"This suggests that individuals in relationships will always think they're doing more of the work, and since saving can be considered work (it takes self-control), over time, everyone would see themselves as the one doing more of the saving, even when it's not the case."
Dr. Saka also explained the benefits of having separate accounts and says that many times each person in a relationship sees the finances and expenditures very differently, thus creating the strong possibility for arguments to begin over too much money being spent.
And no matter how each person in the union tries their hardest to keep a level of peace in the home when it comes to finances, there will always be areas when it comes to money that many couples will never agree on.
"It's a good idea to keep a separate account for personal expenditures," says Dr. Saka. Research shows that we don't have as much empathy for each other as we believe we do. We have several self-serving biases and one that would be relevant in this domain is the Actor-Observer bias in attribution. People are more likely to attribute their own behavior to environment or situation factors; but they view other people's actions as products of their personality."
"For instance, a man would think of his own expenditure in football tickets as a form of entertainment spending ("my friends were going and the situation demanded me to buy tickets"), he might think of his wife's spending on ballet tickets differently ("she's a spender"). At any relationship there will come a point where two people won't see eye to eye; for those moments it's good to have a personal account," advises Dr. Saka.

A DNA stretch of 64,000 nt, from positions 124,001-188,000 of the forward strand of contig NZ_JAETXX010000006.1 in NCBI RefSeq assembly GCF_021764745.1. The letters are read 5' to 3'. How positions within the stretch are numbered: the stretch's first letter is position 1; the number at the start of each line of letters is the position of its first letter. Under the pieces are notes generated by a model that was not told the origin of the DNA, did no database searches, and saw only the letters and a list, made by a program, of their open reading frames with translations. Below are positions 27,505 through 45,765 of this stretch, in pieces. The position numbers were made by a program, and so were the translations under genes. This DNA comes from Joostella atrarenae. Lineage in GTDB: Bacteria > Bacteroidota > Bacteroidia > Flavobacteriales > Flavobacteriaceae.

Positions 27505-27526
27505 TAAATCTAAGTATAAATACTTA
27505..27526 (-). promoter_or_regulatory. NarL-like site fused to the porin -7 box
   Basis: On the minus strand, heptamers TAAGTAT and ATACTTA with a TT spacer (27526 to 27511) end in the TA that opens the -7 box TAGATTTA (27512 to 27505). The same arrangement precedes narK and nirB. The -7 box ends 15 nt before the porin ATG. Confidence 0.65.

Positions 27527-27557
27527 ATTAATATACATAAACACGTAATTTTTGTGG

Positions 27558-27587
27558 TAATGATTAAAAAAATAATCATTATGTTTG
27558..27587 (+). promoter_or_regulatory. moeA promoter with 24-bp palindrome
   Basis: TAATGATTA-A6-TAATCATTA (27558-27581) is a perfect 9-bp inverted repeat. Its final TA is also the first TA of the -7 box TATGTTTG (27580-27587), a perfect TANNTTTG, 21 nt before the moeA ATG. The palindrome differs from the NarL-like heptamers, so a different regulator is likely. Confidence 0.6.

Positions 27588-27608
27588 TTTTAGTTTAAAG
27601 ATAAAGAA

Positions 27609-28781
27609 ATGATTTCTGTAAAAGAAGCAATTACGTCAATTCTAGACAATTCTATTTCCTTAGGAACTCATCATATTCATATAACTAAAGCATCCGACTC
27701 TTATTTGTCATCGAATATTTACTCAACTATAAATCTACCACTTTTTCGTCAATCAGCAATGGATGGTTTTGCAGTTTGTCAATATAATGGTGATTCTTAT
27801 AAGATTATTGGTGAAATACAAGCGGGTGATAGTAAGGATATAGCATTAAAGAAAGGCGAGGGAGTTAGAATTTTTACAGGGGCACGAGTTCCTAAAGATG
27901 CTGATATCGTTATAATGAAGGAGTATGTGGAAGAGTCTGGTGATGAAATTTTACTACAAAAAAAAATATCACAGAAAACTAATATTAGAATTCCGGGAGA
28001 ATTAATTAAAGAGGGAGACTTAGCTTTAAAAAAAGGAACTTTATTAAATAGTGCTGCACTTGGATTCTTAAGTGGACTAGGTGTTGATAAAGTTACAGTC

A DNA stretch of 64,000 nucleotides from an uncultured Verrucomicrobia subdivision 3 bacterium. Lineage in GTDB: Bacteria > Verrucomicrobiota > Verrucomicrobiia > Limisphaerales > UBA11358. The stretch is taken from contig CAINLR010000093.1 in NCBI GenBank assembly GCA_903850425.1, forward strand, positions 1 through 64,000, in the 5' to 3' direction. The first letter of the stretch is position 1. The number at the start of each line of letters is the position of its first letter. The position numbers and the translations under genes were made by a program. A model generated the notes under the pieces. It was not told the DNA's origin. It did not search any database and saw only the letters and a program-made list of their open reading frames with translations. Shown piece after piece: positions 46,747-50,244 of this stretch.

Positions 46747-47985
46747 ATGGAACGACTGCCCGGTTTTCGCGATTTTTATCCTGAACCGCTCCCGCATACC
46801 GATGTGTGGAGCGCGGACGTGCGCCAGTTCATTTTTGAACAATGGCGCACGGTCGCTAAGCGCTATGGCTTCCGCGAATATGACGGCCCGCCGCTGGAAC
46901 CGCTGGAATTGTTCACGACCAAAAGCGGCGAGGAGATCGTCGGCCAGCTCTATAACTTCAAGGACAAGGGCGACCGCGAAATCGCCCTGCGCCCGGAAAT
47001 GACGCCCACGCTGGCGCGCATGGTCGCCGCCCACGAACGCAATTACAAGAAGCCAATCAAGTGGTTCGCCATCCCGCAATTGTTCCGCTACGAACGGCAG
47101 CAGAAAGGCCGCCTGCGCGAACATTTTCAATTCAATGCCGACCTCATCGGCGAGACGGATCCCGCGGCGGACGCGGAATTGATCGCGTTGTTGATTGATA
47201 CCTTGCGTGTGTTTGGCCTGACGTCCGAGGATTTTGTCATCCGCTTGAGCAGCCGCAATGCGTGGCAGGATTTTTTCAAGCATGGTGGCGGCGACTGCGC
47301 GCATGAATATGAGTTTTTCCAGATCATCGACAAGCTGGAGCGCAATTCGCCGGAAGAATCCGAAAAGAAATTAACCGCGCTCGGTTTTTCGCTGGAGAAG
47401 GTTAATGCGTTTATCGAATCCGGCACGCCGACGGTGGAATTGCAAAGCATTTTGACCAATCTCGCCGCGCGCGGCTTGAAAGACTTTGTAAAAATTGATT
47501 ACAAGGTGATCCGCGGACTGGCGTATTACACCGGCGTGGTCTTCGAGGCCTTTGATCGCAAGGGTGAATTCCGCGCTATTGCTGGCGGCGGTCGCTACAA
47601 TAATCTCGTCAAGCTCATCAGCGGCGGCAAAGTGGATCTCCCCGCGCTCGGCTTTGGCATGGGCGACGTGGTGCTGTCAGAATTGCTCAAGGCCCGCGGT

One of the common complaints from at least one person in some marriages, is they miss the old days of financial freedom -- when they didn't have to let their spouse know where every dollar is being spent.
Once you get married do you have to reveal all of your daily and monthly expenditures? I mean, is it wrong for a person in a marriage to keep some of their spending ways personal?
"Being personal doesn't have to mean being secretive," said Dr. Saka. "It's a way to draw a border, but what's behind the border could still be visible. If you're putting 10 percent in a personal account every month and spending it, it doesn't have to mean "I won't show you what I bought,' it only means, "I used my personal discretion to buy these golf clubs and I didn't have to ask you.'